Apple shipped about 350,000 units to India in 2011, which rose slightly to 450,000 in 2012, helped by a strong performance late in the year, according to data from Canalys, a consultancy based in Singapore.
"But with its continuing efforts in India, we expect Apple should be able to reach 1 million unit shipments in 2013," says Jessica Kwee, an analyst at Canalys.
IDC says that Apple experienced substantial growth in the fourth quarter of last year.
"Apple's India shipments saw a sudden surge [in the fourth quarter], sending it to the second spot in terms of revenue in the overall smartphone market," IDC said. "The surge in shipments can be attributed to the channel restructuring and the launch of iPhone 5 in 2012. With the newly appointed national distributors, Apple reached out to a consumer base bigger than ever before."
The numbers are still relatively small, however. Apple managed to take a share of almost 16 per cent of the Indian smartphone market during the fourth quarter, but it is still a long way behind Samsung, which controls almost 40 per cent of the market, according to IDC.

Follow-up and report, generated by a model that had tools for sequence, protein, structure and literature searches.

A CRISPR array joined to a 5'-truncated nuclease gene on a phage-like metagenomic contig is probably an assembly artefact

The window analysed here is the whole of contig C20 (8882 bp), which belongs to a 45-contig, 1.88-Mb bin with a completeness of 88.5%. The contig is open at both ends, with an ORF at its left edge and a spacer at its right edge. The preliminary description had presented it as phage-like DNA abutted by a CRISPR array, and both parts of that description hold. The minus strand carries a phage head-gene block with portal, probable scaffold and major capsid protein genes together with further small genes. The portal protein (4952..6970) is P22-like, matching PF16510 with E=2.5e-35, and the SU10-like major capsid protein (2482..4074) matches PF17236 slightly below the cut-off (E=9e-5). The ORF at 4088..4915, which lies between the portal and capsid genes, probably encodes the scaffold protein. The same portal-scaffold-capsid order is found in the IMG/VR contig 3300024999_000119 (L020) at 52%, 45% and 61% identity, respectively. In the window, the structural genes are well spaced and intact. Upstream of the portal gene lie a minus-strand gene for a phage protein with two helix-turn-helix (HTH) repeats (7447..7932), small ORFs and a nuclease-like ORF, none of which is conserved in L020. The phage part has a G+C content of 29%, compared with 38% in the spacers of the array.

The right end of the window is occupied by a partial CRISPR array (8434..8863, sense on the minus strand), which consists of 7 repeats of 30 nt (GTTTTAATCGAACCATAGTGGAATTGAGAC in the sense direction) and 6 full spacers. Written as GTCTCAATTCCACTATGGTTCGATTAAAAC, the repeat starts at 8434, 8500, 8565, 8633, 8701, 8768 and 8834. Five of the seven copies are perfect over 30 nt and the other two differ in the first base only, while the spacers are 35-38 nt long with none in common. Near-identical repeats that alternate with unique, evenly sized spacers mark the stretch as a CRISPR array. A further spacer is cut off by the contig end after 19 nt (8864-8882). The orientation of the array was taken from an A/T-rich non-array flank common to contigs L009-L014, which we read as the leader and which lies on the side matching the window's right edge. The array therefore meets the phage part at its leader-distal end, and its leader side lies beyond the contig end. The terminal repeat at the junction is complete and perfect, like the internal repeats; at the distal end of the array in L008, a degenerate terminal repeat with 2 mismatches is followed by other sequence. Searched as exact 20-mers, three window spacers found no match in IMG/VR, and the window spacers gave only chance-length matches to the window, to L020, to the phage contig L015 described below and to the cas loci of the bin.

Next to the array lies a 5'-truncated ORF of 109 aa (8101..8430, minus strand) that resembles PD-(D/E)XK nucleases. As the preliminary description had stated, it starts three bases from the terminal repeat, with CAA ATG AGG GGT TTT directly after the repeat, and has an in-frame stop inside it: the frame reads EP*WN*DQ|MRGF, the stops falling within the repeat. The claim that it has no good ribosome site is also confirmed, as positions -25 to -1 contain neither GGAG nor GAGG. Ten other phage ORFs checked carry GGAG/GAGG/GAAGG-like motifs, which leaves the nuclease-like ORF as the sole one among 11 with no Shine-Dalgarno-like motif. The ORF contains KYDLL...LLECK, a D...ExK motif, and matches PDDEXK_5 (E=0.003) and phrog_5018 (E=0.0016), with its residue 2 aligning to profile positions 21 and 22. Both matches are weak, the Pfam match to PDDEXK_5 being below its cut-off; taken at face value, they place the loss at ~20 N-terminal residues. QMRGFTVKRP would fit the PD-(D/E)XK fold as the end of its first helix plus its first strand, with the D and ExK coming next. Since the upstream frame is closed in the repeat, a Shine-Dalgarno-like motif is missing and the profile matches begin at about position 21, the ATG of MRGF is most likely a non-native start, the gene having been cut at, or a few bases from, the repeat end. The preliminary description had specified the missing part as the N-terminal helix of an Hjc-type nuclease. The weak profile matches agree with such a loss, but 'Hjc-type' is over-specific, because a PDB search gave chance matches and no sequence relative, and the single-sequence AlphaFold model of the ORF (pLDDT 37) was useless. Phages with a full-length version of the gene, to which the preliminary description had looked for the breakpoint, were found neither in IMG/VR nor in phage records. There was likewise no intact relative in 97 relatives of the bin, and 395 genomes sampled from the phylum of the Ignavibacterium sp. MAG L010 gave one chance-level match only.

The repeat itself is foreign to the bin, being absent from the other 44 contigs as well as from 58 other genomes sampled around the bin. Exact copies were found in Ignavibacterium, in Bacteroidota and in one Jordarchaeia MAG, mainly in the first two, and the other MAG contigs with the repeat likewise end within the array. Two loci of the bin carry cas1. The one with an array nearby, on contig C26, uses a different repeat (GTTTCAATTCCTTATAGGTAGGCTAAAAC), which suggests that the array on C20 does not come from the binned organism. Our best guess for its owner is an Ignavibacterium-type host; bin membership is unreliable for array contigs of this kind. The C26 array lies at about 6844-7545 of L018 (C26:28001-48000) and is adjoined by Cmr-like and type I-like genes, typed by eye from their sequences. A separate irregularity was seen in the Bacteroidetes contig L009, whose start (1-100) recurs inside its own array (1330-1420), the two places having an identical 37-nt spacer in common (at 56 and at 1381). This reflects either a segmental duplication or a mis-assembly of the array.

"I believe there are various reasons why Apple has lagged behind in India," says Ms Kwee. "First of all, the general income level in India means that most people could not afford to buy Apple products. Therefore Apple's market was limited - and this caused Apple to not prioritise India in its decisions, say, allocation of inventory of new products. Also the other competitors seized the chance to attack the market, at all price categories."
It is difficult for Apple to continue to ignore the potential of the market in India, with a population of more than 1.2 billion and a growing middle class.
"I believe the main reason is that Apple is looking for other avenues for growth," says Ms Kwee. "Its shipments will start to stall soon as the markets are saturated with Samsung and Apple products in many markets. And India is one of the markets which so far has been underpenetrated with smartphones, despite its huge potential."